Sitka Teacher Rings Chimes in Tobago

The Mt. Pleasant Adventist Church had a problem. In their small West Indies' town on the island of Tobago, illiteracy and drugs are rampant. Unwilling to lose youth, church leaders made a plan: Operation Mustard Seed. The church would start a musical group, teaching youth to play tone chimes.

Tamara Randolph, Walla Walla University associate professor, who had visited there, spearheaded the idea and raised money through the WWU Education Club.

But there was a missing element—a bell teacher. Randolph found her answer in Sitka, Alaska, where Ruth Millard, a summer WWU student, teaches in a one-room school. Ms. Millard has taught music for 38 years.

So in mid-December, Ms. Millard left icy Sitka, and after four planes, two days, and thousands of miles later, she arrived in tropical Tobago. Rehearsals began as soon as she got off the plane. Even though it was Christmas break, players practiced several hours each day. While some could read music, most couldn't. Nevertheless, the group performed "Angels We Have Heard on High" on Sabbath morning. Although Ms. Millard was there only a week, the practices paid off and the group played the following Sabbath, on their own.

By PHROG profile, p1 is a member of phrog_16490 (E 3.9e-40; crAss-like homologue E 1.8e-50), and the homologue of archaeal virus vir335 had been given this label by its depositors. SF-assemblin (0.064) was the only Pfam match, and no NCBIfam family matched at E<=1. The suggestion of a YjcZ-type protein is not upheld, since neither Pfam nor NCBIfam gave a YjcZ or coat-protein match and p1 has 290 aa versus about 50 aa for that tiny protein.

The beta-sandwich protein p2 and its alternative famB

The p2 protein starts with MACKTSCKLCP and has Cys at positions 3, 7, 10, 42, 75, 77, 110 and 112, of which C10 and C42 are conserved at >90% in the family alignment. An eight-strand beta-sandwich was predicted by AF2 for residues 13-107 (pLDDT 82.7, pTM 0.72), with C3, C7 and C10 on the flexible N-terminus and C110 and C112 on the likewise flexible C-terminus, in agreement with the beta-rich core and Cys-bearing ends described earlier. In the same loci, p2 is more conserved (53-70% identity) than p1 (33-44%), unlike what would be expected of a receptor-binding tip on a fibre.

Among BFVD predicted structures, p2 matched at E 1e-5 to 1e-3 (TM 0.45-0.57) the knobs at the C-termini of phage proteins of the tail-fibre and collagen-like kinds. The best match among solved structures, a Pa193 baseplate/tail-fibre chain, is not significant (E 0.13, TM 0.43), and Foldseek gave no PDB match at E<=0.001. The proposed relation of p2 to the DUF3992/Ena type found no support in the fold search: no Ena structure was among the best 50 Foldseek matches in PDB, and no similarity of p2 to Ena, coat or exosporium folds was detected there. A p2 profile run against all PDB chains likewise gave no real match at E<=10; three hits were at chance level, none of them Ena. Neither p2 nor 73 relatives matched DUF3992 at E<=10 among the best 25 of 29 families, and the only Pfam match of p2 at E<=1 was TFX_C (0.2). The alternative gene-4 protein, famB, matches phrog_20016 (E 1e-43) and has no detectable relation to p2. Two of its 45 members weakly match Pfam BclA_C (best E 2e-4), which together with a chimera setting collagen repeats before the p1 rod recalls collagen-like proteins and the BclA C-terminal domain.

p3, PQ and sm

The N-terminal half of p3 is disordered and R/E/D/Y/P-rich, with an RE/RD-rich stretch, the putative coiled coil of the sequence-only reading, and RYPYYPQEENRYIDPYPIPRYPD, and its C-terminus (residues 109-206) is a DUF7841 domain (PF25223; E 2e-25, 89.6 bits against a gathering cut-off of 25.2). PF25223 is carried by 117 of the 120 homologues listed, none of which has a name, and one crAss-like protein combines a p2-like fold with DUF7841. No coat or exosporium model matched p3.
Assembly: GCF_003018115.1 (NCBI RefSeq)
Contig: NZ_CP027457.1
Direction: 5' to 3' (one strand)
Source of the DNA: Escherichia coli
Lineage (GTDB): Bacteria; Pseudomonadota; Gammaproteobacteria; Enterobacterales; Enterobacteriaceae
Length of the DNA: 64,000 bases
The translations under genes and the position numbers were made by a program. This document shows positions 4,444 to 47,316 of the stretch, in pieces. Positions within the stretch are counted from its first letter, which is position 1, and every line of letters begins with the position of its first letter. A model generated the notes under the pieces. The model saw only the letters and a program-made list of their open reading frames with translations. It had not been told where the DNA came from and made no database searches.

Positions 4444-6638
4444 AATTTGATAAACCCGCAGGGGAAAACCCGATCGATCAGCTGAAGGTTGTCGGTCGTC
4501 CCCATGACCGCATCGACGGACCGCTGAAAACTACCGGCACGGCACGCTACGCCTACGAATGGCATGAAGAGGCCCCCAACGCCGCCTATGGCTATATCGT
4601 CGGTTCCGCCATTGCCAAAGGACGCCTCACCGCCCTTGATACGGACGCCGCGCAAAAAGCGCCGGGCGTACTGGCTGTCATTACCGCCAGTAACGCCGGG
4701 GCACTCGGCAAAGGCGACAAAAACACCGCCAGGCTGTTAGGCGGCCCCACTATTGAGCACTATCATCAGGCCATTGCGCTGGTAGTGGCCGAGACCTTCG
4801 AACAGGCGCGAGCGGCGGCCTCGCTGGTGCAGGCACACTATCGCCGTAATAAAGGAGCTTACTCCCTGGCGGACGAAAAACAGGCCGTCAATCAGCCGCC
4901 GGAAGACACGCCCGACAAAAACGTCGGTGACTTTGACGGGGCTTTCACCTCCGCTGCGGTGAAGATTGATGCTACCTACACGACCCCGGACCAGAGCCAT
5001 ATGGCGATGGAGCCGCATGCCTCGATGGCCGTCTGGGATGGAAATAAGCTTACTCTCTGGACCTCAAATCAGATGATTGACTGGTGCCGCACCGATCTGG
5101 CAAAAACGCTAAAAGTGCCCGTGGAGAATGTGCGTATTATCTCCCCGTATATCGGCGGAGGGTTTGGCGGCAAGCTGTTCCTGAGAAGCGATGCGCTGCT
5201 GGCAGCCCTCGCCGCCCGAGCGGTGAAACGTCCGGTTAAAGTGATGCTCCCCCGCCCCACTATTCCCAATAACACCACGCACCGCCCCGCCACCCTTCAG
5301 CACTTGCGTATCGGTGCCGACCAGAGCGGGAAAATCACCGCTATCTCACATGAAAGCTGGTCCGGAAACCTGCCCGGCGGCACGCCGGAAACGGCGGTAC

And back in Sitka, Alaska, the one-room school boasted a Walla University associate professor as their substitute teacher.

March 01, 2009 / Alaska Conference
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